A terror tale with historical clout
The inspiration for Conrad’s novel was taken from a failed plot to bomb the same London target, the Greenwich Observatory, in 1894. And, as Will Self notes in an introduction of depth and subtlety, Conrad wrote his novel against the backdrop of an increasingly direct-action suffragette movement, so the city existed in a state of perpetual alert. As well as analysing the plot, Self is unapologetic in his dissection of Conrad’s use of the English language and ‘the text’s stylistic oddity’. Writing in his third language, Conrad’s turn of phrase is discernibly idiosyncratic and Self concludes that the sum of the book must therefore work harder for the credibility of its component parts.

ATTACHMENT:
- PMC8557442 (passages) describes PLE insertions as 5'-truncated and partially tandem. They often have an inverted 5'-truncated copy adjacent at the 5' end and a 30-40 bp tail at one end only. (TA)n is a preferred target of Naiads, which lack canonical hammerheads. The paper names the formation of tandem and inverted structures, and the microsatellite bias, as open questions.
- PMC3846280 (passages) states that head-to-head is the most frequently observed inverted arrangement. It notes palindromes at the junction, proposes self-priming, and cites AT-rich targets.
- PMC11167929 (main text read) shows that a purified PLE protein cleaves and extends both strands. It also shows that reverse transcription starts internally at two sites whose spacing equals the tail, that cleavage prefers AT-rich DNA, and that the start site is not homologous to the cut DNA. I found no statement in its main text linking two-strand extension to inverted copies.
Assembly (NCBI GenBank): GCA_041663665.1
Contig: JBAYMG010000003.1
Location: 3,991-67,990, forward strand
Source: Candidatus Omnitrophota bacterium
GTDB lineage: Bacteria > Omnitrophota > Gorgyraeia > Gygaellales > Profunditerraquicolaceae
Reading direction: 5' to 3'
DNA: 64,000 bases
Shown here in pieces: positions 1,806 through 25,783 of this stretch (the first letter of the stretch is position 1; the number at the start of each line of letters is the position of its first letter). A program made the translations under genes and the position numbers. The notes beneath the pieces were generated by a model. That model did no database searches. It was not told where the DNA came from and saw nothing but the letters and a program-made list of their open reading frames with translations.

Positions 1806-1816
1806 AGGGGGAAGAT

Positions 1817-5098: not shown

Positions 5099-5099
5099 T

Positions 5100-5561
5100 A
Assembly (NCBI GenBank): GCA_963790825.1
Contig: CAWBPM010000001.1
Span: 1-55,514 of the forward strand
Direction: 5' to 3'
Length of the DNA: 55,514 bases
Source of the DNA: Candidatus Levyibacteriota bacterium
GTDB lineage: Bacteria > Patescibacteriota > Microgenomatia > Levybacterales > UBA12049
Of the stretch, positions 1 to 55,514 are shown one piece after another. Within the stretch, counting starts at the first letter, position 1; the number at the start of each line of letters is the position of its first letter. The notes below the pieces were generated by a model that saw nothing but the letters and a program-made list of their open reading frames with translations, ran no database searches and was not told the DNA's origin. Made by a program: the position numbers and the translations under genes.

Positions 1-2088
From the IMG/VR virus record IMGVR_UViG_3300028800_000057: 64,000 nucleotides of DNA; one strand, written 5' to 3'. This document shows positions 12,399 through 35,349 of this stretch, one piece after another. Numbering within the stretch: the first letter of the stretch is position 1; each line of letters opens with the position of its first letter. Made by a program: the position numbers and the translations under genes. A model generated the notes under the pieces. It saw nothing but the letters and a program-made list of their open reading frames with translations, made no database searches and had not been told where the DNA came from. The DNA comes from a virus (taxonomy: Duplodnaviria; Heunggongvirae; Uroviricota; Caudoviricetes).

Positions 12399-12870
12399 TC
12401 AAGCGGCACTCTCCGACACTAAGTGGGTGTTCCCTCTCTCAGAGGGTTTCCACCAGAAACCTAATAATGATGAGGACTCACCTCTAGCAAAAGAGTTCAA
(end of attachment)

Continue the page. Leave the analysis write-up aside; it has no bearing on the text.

‘To read Conrad … is to find oneself, while apparently making clear headway, in fact, with all sails trimmed, beating hard against the wind’
There is never any doubt that Self is discussing one of the great works of a truly talented storyteller; a prescient thriller that delves deep into the mind-set of fanaticism.